The role of religion in conflict and peacebuilding has often been depicted in binary terms: it is seen as a source either of violence or of reconciliation. As this simplification obscures the complexity of the subject, the British Academy report aims to find a workable definition of ‘religion’ as a starting point for a more meaningful analysis.
By observing how religion operates and interacts with aspects of human experience at the global, institutional, group and individual levels, the study intends to provide a more nuanced understanding of its role, or potential role, in both conflict and peacebuilding.
Three conflicts that have shown some religious dimension are examined as case studies, namely those in Israel-Palestine, Mali and Bosnia-Herzegovina. The study identifies the concepts, actors and arguments at play in each instance, and shows in what ways and to what extent different aspects of religion were implicated either in the violence or in the building of peace, or both.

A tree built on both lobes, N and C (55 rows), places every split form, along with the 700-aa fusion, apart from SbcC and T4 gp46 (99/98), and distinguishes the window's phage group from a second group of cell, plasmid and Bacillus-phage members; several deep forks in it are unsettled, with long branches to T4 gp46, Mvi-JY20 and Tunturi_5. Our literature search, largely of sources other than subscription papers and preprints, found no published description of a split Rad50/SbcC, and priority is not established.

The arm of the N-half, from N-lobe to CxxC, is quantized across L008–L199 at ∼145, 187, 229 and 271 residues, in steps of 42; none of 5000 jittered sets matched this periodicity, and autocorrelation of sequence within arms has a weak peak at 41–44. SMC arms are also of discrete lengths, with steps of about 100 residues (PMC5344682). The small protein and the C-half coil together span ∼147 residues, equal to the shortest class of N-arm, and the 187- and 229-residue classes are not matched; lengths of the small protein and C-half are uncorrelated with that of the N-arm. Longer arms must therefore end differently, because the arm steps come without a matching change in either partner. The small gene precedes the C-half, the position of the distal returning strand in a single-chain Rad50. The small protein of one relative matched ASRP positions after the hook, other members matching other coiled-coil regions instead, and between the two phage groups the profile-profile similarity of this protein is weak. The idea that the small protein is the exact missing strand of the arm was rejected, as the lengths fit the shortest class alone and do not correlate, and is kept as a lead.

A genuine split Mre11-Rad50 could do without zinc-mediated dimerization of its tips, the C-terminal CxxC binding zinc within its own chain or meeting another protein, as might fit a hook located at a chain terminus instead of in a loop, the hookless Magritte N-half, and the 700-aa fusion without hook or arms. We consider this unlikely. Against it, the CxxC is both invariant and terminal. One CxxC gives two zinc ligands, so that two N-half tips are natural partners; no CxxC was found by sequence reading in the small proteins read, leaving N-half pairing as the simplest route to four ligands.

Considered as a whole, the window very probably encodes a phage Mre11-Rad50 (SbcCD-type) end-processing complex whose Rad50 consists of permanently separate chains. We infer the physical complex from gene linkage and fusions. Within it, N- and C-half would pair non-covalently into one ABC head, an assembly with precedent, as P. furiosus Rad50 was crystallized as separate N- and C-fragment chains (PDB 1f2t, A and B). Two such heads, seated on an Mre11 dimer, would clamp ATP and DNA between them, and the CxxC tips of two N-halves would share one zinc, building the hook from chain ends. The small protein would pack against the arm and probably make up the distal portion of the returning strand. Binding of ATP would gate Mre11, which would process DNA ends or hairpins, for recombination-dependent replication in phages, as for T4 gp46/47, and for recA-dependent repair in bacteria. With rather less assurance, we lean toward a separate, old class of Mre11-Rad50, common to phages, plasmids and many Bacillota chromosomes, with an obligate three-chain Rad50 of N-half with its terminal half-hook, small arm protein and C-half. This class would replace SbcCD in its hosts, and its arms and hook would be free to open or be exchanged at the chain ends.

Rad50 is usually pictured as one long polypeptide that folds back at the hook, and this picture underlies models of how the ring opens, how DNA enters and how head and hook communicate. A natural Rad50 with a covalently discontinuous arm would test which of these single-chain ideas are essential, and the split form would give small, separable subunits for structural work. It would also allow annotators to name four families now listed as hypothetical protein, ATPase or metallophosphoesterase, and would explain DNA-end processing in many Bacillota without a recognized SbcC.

The findings of the study show that religious factors and motivations vary in each case, supporting the contention that when it comes to understanding their role in conflicts, context is crucial. Religion is never a static or isolated entity, but should be understood as contingent upon a large number of contextual and historical factors.
Putting forward several recommendations for policymakers and scholars in the field, the study argues that they should strive to discern the complex ways in which religion permeates a conflict, whilst bearing in mind that it is not a major factor in every conflict.